“I can remember when you couldn’t buy a British Rail sandwich without wondering if this was your last act before a long period on a life-support machine,” wrote Bill Bryson in Notes from a Small Island. Anyone travelling on the old nationalised rail service will probably chuckle at this reminiscence. This sometimes stale, other times soggy foodstuff captured post-industrial Britain’s failings in between two (always) triangular slices of bread. When the Conservative government broke up BR in the 1990s, few protested. The belief was that private enterprise would haul the transport system into the 21st century and free long-suffering taxpayers from their financial yoke.
Today, 24 train operators serve UK passengers, running on tracks owned by Network Rail – a private company, but with its debts underwritten by the government. Network Rail currently employs 35,000 people spread all over the country, and for the most part this diffusion makes perfect sense, since it needs to plug in to the regions it serves. Certain divisions, though, such as IT, finance and purchasing, deal mainly with one other. “We were in 15 offices which wasn’t very efficient. We needed to bring them all together to speed up process and change the culture of how we work,” explains Hannah Marsh, marketing manager at Network Rail. The catalyst for this quiet revolution was a new building in Milton Keynes, the Quadrant, designed by GMW Architects. Defined by its rigid town plan and an ever-so-staid reputation, the town might not be an obvious setting for a dynamic new office, but the location came with distinct advantages.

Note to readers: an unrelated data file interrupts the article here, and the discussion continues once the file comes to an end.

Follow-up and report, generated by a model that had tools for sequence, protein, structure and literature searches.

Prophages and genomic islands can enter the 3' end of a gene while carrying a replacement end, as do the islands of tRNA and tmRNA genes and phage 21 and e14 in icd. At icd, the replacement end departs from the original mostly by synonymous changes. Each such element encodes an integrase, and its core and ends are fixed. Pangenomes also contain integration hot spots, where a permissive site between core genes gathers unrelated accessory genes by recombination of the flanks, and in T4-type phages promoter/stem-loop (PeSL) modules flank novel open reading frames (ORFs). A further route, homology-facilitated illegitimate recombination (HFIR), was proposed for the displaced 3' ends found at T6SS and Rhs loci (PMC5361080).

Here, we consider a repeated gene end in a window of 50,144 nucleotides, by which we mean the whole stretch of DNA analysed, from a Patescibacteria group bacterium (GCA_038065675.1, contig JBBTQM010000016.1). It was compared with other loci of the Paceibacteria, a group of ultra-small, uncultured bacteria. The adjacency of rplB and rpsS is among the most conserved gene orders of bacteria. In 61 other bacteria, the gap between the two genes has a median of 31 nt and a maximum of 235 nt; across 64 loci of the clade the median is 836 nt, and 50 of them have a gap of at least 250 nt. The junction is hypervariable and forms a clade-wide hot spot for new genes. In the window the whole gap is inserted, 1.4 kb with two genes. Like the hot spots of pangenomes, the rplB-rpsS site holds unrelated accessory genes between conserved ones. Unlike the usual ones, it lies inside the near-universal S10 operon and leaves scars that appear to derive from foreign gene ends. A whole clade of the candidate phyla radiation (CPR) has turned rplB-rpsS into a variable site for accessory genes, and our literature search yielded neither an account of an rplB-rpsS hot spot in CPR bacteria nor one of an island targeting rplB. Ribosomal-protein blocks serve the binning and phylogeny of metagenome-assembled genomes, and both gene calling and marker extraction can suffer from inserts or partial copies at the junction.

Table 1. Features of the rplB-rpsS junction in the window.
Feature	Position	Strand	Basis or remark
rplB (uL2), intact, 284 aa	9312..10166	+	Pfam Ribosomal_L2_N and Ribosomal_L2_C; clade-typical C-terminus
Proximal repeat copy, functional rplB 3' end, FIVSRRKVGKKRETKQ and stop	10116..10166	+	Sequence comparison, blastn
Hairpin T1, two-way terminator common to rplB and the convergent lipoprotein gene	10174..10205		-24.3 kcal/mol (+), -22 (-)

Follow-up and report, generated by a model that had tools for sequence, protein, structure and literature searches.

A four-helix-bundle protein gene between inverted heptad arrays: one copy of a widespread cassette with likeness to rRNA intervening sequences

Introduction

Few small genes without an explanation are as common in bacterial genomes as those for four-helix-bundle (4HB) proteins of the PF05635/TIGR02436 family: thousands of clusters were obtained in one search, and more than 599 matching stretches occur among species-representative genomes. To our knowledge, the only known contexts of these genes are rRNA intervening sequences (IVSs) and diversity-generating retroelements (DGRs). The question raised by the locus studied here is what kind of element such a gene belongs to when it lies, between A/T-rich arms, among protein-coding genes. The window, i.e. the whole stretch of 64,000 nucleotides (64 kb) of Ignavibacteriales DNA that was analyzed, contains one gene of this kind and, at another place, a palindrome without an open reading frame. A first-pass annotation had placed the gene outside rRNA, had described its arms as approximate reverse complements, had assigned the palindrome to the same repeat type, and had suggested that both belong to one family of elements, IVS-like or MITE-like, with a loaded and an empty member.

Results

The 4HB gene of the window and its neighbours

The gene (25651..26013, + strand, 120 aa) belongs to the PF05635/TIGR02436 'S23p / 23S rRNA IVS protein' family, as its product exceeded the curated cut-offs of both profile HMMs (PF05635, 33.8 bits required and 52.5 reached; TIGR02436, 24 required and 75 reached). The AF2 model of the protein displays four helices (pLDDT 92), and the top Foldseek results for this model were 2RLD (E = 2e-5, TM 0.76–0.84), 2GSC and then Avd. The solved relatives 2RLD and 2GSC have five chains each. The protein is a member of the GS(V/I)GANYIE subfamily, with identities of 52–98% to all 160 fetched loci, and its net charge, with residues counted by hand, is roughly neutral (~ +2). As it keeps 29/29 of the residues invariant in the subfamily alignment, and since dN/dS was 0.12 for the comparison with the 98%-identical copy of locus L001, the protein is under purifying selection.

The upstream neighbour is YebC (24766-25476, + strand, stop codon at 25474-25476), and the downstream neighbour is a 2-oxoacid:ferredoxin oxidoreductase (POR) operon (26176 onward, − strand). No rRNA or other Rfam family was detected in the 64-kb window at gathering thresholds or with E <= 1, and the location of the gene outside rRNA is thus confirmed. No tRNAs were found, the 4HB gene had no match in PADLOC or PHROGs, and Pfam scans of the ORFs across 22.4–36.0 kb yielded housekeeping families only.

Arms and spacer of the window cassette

To kick things off, the Quadrant is a big, big building: 38,000sq m, according to the architects. Finding somewhere to accommodate such bulk was always likely to be tricky, but GMW found it on the site of a long-defunct hockey stadium a short walk from the train station. If you approach on foot, as onoffice did, the battleship-grey building looms long and low behind a brise soleil that reaches out towards the street. Constructed from white aluminium, it is GMW’s utilitarian interpretation of colonnades that feature on nearby buildings and provides the building’s strongest architectural moment.
Protocol dictates that new buildings in Milton Keynes are (rather daftly) required to conform to the town’s crosshatched format, which stifles the sort of organic growth seen in older settlements. However, the promise of an influx of 3,000 new spenders to the town presented a chance to bend the rules. Or rather, twist them, as this is exactly what the GMW did. The Quadrant comprises four separate H-shaped volumes united by a grand internal street. By rotating these volumes towards the centre of the site, the architects formed a landscaped plaza at the entrance intended to draw people in to the building while the town grid is partly retained by the brise soleil. For those with curious minds, a public art piece by artists David Patten and Rob Colbourne reveals titbits of info about the town.
Many adjectives spring to mind when describing the Quadrant, but graceful is not among them. Its grey metal cladding and robust detailing are redolent of an industrial complex rather than modern office. Building architect Chris Allwood freely admits that function was the prime concern and purpose is embedded firmly in the aesthetic. For example, the dimension of the solar shading is uniform rather than tailored to each facade so it becomes as much ornament as sun visor. At building’s rear, two multi-storey car parks are wrapped in Kalzip ribbons – a low-tech way of sprucing up an otherwise humdrum utility. The frugality continues inside, where, instead of over-engineering the M&E, the architects simply hid it behind a Barrisol box. Elsewhere, coloured film applied to office windows breaks the monochrome palette. Perhaps stung by recent criticism, Network Rail is at pains to appear thrifty. Similarly, GMW worked hard to present a more open face to the public by slicing oblong sections out from each volume, thereby upping the building’s visual porosity.